The ongoing regime shift of Arctic sea ice from perennial to seasonal ice is associated with more dynamic patterns of opening and closing sea-ice leads (large transient channels of open water in the ice)1,2,3, which may affect atmospheric and biogeochemical cycles in the Arctic4. Mercury and ozone are rapidly removed from the atmospheric boundary layer during depletion events in the Arctic5,6,7, caused by destruction of ozone along with oxidation of gaseous elemental mercury (Hg(0)) to oxidized mercury (Hg(ii)) in the atmosphere and its subsequent deposition to snow and ice5. Ozone depletion events can change the oxidative capacity of the air by affecting atmospheric hydroxyl radical chemistry8, whereas atmospheric mercury depletion events can increase the deposition of mercury to the Arctic6,9,10,11, some of which can enter ecosystems during snowmelt12. Here we present near-surface measurements of atmospheric mercury and ozone from two Arctic field campaigns near Barrow, Alaska. We find that coastal depletion events are directly linked to sea-ice dynamics. A consolidated ice cover facilitates the depletion of Hg(0) and ozone, but these immediately recover to near-background concentrations in the upwind presence of open sea-ice leads. We attribute the rapid recoveries of Hg(0) and ozone to lead-initiated shallow convection in the stable Arctic boundary layer, which mixes Hg(0) and ozone from undepleted air masses aloft. This convective forcing provides additional Hg(0) to the surface layer at a time of active depletion chemistry, where it is subject to renewed oxidation. Future work will need to establish the degree to which large-scale changes in sea-ice dynamics across the Arctic alter ozone chemistry and mercury deposition in fragile Arctic ecosystems.
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This research was supported in part by the National Aeronautics and Space Administration (NASA) Cryospheric Sciences Program (CSP) and by the Desert Research Institute. The Science and Technology Branch of Environment Canada helped fund Hg measurements in 2012 along with the Canadian International Polar Year government programme in 2009. The research at the Jet Propulsion Laboratory, California Institute of Technology, was supported by NASA CSP. We thank Umiaq for field logistic assistance, the Barrow whaling community for beneficial interactions, and the National Oceanic and Atmosphere Administration (NOAA), Global Monitoring Division for the Barrow Observatory data. We gratefully acknowledge the NOAA Air Resources Laboratory (ARL) for provision of the HYSPLIT transport and dispersion model and READY Website (http://www.ready.noaa.gov) used in this publication. We thank K. Pratt and R. Kreidberg for feedback on the manuscript, B. Hatchett and T. Malamakal for help with radiosonde and WRF data, D. Hall and J. Schmaltz for MODIS imagery support, and J. Deary for outstanding field technical support.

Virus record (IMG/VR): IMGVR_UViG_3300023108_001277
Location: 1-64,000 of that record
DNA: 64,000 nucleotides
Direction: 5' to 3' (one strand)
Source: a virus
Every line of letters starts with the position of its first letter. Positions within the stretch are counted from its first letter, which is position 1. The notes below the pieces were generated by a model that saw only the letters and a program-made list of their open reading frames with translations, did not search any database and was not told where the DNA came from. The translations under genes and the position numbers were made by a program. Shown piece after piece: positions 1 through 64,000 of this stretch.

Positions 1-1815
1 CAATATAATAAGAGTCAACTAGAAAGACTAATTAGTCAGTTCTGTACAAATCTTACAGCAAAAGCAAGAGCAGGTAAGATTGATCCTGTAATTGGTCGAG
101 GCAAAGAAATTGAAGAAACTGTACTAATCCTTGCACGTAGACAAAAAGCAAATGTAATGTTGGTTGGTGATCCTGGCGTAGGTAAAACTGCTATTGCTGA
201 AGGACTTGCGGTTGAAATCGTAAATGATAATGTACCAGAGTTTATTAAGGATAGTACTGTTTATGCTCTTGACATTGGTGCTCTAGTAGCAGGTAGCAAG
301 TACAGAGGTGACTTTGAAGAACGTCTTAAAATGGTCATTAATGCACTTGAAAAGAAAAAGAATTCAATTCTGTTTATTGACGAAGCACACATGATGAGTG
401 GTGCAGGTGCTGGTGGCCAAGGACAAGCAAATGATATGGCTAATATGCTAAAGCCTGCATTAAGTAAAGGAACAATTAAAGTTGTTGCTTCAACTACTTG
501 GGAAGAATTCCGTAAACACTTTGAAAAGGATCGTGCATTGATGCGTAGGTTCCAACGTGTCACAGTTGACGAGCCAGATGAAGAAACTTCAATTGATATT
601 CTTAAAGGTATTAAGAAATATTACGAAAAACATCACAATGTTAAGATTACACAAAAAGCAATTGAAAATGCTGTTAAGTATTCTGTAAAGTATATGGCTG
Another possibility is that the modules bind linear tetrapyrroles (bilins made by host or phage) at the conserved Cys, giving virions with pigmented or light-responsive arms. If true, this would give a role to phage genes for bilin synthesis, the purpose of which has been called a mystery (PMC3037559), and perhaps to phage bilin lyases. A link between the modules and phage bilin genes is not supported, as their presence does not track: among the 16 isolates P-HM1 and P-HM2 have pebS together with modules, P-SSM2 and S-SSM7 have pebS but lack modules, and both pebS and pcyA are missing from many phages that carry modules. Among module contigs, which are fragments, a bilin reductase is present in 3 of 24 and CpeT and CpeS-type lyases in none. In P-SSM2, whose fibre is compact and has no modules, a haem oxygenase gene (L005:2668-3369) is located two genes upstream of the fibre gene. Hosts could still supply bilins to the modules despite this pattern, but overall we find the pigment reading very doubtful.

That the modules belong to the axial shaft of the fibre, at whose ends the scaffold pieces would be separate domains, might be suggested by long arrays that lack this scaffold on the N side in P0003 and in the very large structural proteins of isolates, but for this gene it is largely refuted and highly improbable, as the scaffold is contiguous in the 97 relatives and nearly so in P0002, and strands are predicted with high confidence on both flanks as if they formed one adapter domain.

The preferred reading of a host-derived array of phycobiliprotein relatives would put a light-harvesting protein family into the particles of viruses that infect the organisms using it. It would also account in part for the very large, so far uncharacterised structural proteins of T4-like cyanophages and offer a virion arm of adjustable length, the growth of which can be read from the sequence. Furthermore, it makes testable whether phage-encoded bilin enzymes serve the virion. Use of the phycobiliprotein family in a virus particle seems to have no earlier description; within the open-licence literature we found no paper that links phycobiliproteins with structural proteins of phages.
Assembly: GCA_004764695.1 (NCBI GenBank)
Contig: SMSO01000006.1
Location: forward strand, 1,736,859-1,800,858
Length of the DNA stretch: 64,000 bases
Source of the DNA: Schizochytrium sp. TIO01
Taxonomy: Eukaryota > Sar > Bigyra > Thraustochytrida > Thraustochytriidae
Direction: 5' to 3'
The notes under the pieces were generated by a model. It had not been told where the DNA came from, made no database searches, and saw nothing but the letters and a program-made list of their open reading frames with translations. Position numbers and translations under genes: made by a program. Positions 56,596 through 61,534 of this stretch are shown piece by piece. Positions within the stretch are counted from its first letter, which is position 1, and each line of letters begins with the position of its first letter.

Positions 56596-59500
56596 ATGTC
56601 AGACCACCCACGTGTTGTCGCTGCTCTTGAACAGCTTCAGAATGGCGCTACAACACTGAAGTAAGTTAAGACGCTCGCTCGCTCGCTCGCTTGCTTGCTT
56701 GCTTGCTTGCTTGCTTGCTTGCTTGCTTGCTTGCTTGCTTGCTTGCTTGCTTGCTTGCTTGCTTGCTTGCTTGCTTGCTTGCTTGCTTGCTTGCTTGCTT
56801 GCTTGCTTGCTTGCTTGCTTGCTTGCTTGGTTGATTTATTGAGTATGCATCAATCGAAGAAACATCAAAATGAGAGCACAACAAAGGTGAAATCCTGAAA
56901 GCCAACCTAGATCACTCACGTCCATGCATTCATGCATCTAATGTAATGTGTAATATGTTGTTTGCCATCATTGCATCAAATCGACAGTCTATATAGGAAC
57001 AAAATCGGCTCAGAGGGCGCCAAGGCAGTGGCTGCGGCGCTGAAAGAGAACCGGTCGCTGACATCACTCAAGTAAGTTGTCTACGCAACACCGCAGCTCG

The authors declare no competing financial interests.
Extended data figures and tables
Time series of Hg(0) and O3 concentrations near Barrow between 26 March 2012 and 29 March 2012. Bold numbers correspond to time periods, as numbered on the corresponding satellite images. 24-hour HYSPLIT back-trajectories were generated every four hours from 26 March to 29 March 2012. Satellite images were taken at approximately 16:00 utc each day. Colours represent trajectory arrival times near Barrow: orange, 04:00 utc; blue, 08:00 utc; red, 12:00 utc; pink, 16:00 utc; yellow, 20:00 utc; black, 00:00 utc (the next day); and purple, 04:00 utc (the next day). Original satellite images from Google Earth, Terrametrics.
Time series of Hg(0) and O3 concentrations near Barrow between 29 March 2012 and 1 April 2012. Bold numbers correspond to time periods, as numbered on the corresponding satellite images. 24-hour HYSPLIT back-trajectories were generated every four hours from 29 March 2012 to 31 March 2012. Satellite images were taken at approximately 16:00 utc each day. Colours represent trajectory arrival times near Barrow: orange, 04:00 utc; blue, 08:00 utc; red, 12:00 utc; pink, 16:00 utc; yellow, 20:00 utc; black, 00:00 utc (the next day); and purple, 04:00 utc (the next day). Original satellite images from Google Earth, Terrametrics.
The lower 1,000 m of a radiosonde launch from Barrow Airport at 05:30 utc on 22 March 2012 (a), 23 March 2012 (b) and 24 March 2012 (c). The change in potential temperature with height (dΦ/dz) indicates a boundary layer height near 100 m for 22 March and 23 March (air mass over consolidated sea ice) and grows to 250 m on 24 March (the lead influence). d, Wind rose for 22 March 2012 0:00 to 26 March 2012 0:00; wind directions are consistently from the east to the northeast, in support of the calculated air-mass trajectories in Fig. 2.
O3 and wind speed from 26 March 2012 to 30 March 2012. The bold number corresponds to case 13, when an opening lead influences concentrations of O3 and Hg(0) that quickly recover to near-background levels. During this time period, wind speeds remained low (below 3 m s−1), indicating that concentration recoveries were not linked to increased wind speed through increased wind shear.
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Moore, C., Obrist, D., Steffen, A. et al. Convective forcing of mercury and ozone in the Arctic boundary layer induced by leads in sea ice. Nature 506, 81–84 (2014). https://doi.org/10.1038/nature12924
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